(Click here for previous installments of the Career Prospectus series.)
Could you please do a Career Prospectus on Kirsten Dunst?
I loved her as an actress with Drop Dead Gorgeous, Bring It On and Dick being the best! She blossomed with Sofia Coppola and got millions for Spiderman. Things were looking good. Then came a break-up with Jakey, public outcry over her teeth (WTF!), drunkenness followed by rehab and, as we've read on your blog, bitchiness.
So in recent history she had Bachelorette, and now she has coming up Two Faces of January with Viggo Mortensen and Oscar Isaac. She has nothing else booked, except a project that looks doomed, and she lost a role in the next Paul Thomas Anderson movie to Reese Witherspoon. This is unconfirmed but rumors were strong that she had read for the part and many wanted her to get it.
My question is, where is she going? Is she lost among the Natalie Portmans and Michelle Williamses, her career companions for some time? Have the Emma Stones and Jennifer Lawrences taken over? Will she never mature to a Charlize Theron level?
We’ve actually gotten several requests for Kirsten Dunst, so let’s get into it. First, Drop Dead Gorgeous is one of my favorite movies of all time. There’s nothing else to that, it’s just a great f*cking movie. (“The swan ate my baby!”) Whatever happens to Kirsten Dunst, she’ll always have Mount Rose.
Dunst took a break in 2008, and everyone knows she went to rehab. Why she went is irrelevant; she did what she thought was necessary to take care of herself and be well, and beyond any other consideration, that is the most important thing. But there’s no denying there has been a loss of momentum ever since. It’s why so many of them are terrified to take a break for any reason—they’re told if they go away for even the shortest time that they will be replaced. And it’s not necessarily untrue. Dunst has been in the business her whole life. She’s connected, she has a legion of fans, and she is very talented, but by the time she came back in 2010, the landscape of young actresses had shifted. So there is pressure to make up for lost time.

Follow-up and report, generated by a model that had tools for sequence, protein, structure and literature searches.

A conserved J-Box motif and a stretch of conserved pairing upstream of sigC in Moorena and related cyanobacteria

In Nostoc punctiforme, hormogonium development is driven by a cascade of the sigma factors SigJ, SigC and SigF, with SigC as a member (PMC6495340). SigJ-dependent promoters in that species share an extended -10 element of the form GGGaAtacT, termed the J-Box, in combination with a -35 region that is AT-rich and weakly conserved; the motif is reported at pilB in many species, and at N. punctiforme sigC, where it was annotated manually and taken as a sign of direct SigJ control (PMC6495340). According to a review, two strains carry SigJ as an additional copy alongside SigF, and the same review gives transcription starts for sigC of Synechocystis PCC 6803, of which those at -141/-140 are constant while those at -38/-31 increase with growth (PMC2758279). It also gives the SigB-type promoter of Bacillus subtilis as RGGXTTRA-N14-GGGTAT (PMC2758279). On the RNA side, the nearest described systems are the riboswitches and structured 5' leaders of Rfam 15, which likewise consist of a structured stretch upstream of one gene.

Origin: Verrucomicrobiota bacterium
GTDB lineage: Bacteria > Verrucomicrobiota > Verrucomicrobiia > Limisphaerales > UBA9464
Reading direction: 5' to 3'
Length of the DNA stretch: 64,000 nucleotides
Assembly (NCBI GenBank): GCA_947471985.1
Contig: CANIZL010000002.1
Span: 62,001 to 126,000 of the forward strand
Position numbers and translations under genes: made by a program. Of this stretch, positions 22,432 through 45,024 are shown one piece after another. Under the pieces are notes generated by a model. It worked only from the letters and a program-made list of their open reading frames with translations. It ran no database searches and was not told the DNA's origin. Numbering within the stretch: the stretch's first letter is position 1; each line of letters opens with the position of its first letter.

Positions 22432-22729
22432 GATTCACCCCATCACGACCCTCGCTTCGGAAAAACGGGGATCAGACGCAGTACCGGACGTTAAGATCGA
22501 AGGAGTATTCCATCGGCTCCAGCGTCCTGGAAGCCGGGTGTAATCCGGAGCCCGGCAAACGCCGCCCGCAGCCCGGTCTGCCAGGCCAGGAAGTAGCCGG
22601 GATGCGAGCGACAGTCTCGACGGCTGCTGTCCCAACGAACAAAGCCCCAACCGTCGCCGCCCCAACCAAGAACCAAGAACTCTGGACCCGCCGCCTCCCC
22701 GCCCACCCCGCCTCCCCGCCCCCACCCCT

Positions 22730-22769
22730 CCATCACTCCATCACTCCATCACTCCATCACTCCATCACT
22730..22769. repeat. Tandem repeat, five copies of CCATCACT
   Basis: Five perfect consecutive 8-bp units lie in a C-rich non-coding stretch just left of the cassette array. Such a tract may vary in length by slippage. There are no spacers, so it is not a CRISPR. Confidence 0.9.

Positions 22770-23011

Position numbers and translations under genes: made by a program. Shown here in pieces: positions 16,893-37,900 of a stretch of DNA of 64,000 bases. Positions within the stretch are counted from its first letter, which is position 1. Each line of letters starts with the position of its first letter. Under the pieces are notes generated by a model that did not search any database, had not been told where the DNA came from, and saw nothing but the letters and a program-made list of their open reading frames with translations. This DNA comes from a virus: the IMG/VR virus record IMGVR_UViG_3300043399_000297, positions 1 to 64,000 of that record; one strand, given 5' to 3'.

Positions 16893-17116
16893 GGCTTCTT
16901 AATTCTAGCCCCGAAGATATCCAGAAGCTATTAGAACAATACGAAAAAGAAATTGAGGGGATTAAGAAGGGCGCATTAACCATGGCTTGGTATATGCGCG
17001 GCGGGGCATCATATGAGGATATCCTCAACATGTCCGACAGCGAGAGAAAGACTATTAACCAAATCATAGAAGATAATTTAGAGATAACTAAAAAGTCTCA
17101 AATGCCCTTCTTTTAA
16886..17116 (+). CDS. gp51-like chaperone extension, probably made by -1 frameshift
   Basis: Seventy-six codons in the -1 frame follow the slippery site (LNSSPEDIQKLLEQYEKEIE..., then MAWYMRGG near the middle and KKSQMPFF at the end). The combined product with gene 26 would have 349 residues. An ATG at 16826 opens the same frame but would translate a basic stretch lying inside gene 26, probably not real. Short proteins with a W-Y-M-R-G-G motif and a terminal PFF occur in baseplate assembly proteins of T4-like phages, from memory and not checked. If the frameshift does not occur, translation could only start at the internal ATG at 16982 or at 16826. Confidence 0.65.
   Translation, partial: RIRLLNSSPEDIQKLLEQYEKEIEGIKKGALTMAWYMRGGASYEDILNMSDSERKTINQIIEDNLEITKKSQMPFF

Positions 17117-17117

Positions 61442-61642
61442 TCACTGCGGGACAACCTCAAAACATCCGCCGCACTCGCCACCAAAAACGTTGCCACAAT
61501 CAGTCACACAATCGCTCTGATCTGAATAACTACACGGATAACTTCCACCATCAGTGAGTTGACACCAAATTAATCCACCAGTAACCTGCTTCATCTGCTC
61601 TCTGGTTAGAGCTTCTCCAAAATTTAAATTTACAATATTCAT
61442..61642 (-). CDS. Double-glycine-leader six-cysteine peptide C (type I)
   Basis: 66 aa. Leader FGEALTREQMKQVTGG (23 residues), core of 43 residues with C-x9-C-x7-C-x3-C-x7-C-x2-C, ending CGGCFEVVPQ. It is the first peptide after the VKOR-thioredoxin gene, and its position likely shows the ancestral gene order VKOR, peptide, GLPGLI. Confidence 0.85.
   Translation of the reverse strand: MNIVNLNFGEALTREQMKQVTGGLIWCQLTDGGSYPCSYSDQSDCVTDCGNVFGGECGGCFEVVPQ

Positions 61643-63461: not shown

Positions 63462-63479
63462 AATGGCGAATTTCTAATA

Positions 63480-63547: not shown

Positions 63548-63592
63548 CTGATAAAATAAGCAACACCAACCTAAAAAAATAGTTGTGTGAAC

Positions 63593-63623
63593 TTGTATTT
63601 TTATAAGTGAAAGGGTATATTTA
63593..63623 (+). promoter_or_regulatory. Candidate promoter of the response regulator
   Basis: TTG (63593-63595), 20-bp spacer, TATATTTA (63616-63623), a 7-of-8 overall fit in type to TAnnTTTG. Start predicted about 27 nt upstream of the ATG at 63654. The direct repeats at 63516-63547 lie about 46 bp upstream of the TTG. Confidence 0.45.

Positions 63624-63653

The question is whether or not Dunst wants to make up for that lost time. I always think of her in relation to James McAvoy, who went through a slowdown himself about a year after Dunst withdrew. When he came back in 2011, though, he displayed a clear plan of attack for regaining his footing: major mainstream release to reestablish his foothold with the public, followed by a stage role to increase the acting cred, and then mixing smaller films with his comic book franchise. And before you say, “It’s easier for McAvoy, he’s a dude,” keep in mind that when he stepped back, he opened the door to Michael Fassbender and Benedict Cumberbatch, two of the most impressive talents in his generation. His competition is crazy.
Dunst hasn’t evinced a similar knack for planning. She’s definitely been avoiding major mainstream work, which is fine. She’s already been there and done that with Sam Raimi’s Spiderman, so there’s no urgency to go back there, though she does have a comedy with Jason Sudeikis penciled in for 2014, and a cameo in Anchorman 2 (although really, who doesn’t have a cameo in Anchorman 2?). And she’s scheduled to be in Jeff Nichols’ next project, which is backed by Warner Brothers, so there’s a slow creep back toward the mainstream after sticking to indies for the last three years.
But there doesn’t seem to be any motivation to it. Dunst works with top-tier people and she’s done good work in an array of interesting films—she won the Best Actress prize at Cannes for Melancholia—but there’s an ennui, not only on her resume but even kind of tangible in her performances (Melancholia, especially, was incredibly mannered). It looks a little like going through the motions. Like, “I’m an actress, so I act,” without any real regard to building a meaningful career. It’s not about becoming the most famous actress in the world, or being in some big studio project, it’s just about having a direction and carving out a niche. After Lord of the Rings, Elijah Wood dialed it back and has pretty well stuck to cerebral horror movies and black comedies like Wilfred. He’s indulging himself, plain and simple, but he’s also cornered a piece of the genre market and is very happy in his little cubby hole (hobbit hole?).
And that’s what is missing with Kirsten Dunst. She’s only 31 but she’s accomplished so much; she can work to please herself but it feels like she’s half-heartedly chasing someone else’s definition of success. She’s already conquered the cycle Emma Stone and Jennifer Lawrence are going through now, but she has yet to define what her second act will be.
Attached- Kirsten with Garrett Hedlund at LAX yesterday.